An “alternative” list of best pictures

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On Tuesday, the Academy of Motion Picture Arts and Sciences released their list of films nominated for the 2017 Oscars. After the debacle of last year’s #OscarsSoWhite, Hollywood’s list of nominees looks far more diverse and interesting. However, since Hollywood tends to overlook films that don’t come out in the final few-month push to awards season—and since we are living in a world where alternative facts are just as valid as regular ones—here’s my list of the films I saw in 2016 that you won’t see on the Best Picture list.

“Midnight Special” — Filmmaker Jeff Nichols had two films out in 2016, this one and Oscar contender, “Loving.” “Midnight Special” is Nichols’ science-fiction love-letter to fatherhood. The writer/director crafts a story about a mysterious boy whose father will stop at nothing to protect him from the government, which wants to know the boy’s extraordinary secret. Michael Shannon plays the father with exceptional heart and soul, constantly fighting with himself and with the oncoming authorities. Although Nichols is just now getting some recognition by the academy, he is truly the filmmaker to watch.

“Green Room” — Hollywood often skips the horror genre or films with horror elements. So I wanted to include a film from “Blue Ruin” writer/director, Jeremy Saulnier. The film follows a punk rock band as they become trapped backstage after a rocky show in a neo-Nazi bar. Saulnier is a master of tension and grit. From the moment the characters are locked into the green room, the film barrels along, crunching and bashing its way through to a brutal conclusion. The film is also notable for one of its lead actors, Anton Yelchin, who passed away in 2016. Yelchin’s anarchic musician goes toe-to-toe with Patrick Stewart’s skinhead leader in an all-out bloodbath.

“Elvis and Nixon” — Michael Shannon’s second appearance in this list, this time playing the King himself, Elvis Presley. Shannon plays opposite Kevin Spacey, whose Richard Nixon is perfectly pitched. The film recreates the famous meeting of the two men in 1970 and offers a suggestion as to what exactly happened between these famous figures. Since the actual details of the meeting aren’t completely known, the film is mostly fictionalized and draws its own conclusions. It is notable primarily for its lead actors but also for the fact that it is so ridiculous. The film isn’t afraid to have fun with history and have a heart at the same time.

“The Nice Guys” — Writer/director Shane Black returns to his comedic, crime-story roots in this film starring Ryan Gosling and Russell Crowe as an unlikely duo of detectives forced to work together on a case. The film is well-written and very entertaining, mixing comedy with love, action with slapstick. Every scene drips with the colors, sounds, and feeling of the 1970s. Both of its actors shine, but Gosling gets to play something other than his usual handsome, leading-man role. For all the goodwill it builds up with its light-hearted tone, I was sold the moment it made an Abbott and Costello reference.

“Everybody Wants Some” — Coming off the success of Boyhood, writer/director Richard Linklater also returns to his roots — in more ways than one. The film tells the story of a group of baseball players getting to know each other over the weekend leading up to the first day of college. The cast is mainly full of unknowns, but that adds to the realism of the film. The setting of the 1980s is presented down to the finest detail, and if the film was shot handheld on a video camera, it may pass as a documentary. Much like its characters, the film kind of wanders around rather than moving forward, and this sounds like a turn-off. However, for me, the film works and feels more like an extended party or hang-out than an unfolding narrative. For someone whose career is as diverse as Linklater, this film holds up as an experiment in resurrecting the past.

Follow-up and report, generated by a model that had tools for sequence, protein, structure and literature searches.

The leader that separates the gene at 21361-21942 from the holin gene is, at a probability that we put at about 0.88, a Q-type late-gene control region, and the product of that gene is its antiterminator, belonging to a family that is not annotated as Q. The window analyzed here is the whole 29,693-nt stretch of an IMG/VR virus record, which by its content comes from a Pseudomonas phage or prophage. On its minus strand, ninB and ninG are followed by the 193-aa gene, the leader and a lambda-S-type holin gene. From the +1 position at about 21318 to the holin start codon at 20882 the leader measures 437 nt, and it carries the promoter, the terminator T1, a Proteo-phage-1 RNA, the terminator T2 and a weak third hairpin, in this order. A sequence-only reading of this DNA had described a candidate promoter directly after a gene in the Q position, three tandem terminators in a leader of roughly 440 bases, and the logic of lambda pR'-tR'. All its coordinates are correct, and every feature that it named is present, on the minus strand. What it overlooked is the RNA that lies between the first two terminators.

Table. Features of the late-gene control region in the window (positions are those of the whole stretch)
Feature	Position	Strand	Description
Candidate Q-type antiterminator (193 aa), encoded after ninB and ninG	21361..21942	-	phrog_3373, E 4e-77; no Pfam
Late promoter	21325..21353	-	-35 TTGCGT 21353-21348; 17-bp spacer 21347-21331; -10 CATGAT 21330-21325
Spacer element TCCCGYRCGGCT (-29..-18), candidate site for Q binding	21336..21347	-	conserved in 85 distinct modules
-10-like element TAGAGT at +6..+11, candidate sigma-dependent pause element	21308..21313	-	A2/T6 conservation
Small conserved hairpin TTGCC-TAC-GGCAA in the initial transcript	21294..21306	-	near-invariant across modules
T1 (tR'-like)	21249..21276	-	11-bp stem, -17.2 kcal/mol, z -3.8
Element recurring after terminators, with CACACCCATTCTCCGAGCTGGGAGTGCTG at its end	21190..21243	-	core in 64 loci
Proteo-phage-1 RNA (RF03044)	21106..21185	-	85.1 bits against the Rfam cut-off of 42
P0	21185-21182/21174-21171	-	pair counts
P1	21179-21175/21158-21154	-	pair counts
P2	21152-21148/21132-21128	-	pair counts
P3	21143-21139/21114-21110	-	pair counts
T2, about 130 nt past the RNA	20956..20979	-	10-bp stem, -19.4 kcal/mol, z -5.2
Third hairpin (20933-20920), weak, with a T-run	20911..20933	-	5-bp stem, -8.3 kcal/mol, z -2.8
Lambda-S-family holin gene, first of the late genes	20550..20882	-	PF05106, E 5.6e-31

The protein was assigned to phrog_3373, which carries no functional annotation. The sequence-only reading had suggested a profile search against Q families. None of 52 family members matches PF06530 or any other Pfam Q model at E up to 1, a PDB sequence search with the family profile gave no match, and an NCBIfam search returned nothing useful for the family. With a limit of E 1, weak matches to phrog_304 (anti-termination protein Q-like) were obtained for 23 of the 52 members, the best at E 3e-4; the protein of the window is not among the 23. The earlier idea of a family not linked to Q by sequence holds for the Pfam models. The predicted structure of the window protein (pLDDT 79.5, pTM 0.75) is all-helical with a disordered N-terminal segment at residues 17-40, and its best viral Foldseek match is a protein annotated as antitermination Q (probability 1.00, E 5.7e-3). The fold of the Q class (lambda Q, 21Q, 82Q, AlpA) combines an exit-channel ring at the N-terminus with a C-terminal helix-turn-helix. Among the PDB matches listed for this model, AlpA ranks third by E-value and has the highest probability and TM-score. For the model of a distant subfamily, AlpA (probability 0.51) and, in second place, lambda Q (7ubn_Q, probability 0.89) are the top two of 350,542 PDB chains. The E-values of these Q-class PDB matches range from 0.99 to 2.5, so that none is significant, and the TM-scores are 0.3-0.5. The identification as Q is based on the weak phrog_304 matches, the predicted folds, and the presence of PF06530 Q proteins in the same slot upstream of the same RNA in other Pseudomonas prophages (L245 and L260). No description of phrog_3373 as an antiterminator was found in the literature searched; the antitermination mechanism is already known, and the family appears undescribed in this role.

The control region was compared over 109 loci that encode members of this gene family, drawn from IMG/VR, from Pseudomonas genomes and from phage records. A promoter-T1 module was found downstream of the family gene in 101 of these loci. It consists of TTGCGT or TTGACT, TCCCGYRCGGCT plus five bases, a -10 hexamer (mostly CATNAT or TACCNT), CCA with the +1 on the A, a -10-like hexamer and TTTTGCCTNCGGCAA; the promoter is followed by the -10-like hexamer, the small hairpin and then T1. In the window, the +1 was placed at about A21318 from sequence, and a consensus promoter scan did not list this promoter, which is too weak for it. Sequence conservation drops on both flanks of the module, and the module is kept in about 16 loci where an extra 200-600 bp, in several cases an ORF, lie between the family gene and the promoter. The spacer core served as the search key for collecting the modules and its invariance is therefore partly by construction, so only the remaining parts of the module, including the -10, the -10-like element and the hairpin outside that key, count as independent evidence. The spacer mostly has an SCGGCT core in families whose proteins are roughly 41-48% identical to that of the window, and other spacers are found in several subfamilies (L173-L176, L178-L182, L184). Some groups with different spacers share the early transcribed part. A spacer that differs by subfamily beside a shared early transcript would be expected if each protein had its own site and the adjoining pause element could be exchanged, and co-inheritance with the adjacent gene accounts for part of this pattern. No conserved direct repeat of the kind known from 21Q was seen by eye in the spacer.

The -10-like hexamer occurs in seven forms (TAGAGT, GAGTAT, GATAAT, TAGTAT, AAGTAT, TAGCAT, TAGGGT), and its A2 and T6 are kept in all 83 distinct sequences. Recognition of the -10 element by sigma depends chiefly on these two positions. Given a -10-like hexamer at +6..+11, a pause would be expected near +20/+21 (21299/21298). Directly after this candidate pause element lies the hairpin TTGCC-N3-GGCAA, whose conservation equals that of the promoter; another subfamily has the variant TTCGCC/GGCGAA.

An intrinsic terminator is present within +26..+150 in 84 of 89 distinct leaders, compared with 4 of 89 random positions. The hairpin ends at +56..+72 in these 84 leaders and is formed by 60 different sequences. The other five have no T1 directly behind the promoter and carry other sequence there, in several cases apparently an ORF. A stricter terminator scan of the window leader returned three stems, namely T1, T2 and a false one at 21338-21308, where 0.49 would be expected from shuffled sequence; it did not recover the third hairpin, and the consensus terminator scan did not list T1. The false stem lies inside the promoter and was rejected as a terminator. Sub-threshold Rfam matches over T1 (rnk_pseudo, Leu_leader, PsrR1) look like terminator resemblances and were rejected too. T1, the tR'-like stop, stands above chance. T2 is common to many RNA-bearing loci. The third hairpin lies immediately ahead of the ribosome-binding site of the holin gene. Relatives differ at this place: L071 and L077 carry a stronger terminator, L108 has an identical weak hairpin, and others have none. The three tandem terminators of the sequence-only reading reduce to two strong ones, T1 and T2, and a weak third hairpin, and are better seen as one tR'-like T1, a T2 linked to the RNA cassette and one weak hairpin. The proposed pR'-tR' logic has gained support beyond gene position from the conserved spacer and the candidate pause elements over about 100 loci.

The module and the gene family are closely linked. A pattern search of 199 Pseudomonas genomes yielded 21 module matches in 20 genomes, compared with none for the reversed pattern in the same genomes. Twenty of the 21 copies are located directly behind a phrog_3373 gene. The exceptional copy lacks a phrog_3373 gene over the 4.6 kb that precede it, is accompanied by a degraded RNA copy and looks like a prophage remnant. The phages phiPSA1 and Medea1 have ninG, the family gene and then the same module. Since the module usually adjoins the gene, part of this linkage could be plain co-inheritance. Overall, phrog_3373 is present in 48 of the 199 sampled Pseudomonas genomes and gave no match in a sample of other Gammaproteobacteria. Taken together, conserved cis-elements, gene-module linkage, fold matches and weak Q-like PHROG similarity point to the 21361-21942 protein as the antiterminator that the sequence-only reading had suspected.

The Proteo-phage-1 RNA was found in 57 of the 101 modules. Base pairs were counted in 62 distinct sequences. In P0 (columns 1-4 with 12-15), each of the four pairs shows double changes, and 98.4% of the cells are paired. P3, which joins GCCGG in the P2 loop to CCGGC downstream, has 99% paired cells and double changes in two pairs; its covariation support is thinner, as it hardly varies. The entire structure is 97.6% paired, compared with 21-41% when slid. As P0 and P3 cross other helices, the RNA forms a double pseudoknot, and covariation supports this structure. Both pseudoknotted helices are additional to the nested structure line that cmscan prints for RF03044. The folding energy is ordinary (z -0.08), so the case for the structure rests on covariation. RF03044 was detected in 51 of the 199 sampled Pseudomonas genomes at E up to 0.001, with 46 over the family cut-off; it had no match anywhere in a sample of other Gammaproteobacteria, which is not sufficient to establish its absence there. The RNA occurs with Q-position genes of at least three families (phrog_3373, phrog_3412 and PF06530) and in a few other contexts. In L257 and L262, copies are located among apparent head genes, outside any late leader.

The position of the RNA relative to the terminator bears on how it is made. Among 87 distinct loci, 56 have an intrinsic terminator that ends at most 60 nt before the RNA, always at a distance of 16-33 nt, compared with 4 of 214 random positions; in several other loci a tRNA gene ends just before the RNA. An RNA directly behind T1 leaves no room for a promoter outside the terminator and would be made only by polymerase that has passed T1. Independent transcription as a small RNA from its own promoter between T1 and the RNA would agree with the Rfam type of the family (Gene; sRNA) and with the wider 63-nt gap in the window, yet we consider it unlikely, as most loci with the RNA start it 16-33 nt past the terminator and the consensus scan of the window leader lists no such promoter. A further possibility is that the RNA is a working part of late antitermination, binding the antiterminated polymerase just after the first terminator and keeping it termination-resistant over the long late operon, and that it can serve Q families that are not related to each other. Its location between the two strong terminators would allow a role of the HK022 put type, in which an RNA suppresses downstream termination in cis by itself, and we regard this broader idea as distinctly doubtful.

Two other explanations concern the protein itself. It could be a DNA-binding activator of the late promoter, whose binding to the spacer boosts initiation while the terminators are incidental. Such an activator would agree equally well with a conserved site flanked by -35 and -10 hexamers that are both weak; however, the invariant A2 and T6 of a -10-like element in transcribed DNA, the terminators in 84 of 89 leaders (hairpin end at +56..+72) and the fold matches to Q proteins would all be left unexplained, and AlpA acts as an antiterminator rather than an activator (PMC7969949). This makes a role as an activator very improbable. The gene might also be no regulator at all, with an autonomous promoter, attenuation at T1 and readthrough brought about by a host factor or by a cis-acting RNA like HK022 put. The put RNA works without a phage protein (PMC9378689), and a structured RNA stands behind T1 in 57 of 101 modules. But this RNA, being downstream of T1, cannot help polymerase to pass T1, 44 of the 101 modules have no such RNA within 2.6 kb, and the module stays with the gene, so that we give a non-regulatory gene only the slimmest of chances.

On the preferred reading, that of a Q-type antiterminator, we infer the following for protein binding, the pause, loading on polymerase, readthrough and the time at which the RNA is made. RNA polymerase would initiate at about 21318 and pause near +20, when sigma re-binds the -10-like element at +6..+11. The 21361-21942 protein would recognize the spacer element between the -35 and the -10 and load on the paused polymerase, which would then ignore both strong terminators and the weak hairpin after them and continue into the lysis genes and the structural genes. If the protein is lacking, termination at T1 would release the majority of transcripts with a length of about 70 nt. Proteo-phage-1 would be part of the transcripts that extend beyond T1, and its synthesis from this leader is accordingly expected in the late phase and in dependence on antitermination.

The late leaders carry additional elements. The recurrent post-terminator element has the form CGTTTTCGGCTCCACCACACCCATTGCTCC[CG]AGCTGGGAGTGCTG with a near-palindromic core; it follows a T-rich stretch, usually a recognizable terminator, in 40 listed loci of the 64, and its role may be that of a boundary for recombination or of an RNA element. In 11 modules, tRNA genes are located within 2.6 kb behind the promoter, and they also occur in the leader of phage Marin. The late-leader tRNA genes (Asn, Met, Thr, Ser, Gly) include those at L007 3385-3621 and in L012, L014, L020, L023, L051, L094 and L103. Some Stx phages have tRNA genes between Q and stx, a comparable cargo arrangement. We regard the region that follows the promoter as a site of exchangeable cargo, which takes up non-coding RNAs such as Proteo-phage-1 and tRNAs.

“Certain Women” — This film had a very quiet release and a very short theatrical run but is notable nonetheless. It is written and directed by Kelly Reichardt, the filmmaker behind “Wendy and Lucy” and “Meek’s Cutoff.”  The film doesn’t have an overarching narrative; instead, it is a series of intersecting stories of women living in the Pacific Northwest. It stands out from the rest not only for being a personal film from a female director, but it is also a work of pure poetry. The women’s lives are real and powerful, and Reichardt’s photographing of the land is beautiful and haunting.

 

“Yoga Hosers” — Famed indie filmmaker and pop culture icon, Kevin Smith, further proves that creativity is king. This film will not pop up on any “best of” lists, except maybe a “Best Kevin Smith Film of 2016.” It’s a weird movie. The plot involves teenage girls, miniature Nazis made of bratwursts, and Canada. It is difficult to talk about without tipping into parody. I saw the film at a Q&A screening with Smith himself at Studio 35 in Columbus. My experience of the film was heightened by that, but I am also a Kevin Smith fan. What I can say is: see it. Not because it’s great—not even because it’s good. See it as an antidote to the stale, corporate, boringness of Hollywood. You might like it; you might hate it. But you probably won’t forget it.

“Zootopia” — This one is a cheat because it does appear on the Oscar list for Best Animated Feature, but oh well. It’s really good. See it. If you have already, see it again. And be reminded that equality and diversity are beautiful things.

These are the films that I enjoyed this year. If nothing else, they counteract the prestige films of the awards season; something different. And different can be good, too.

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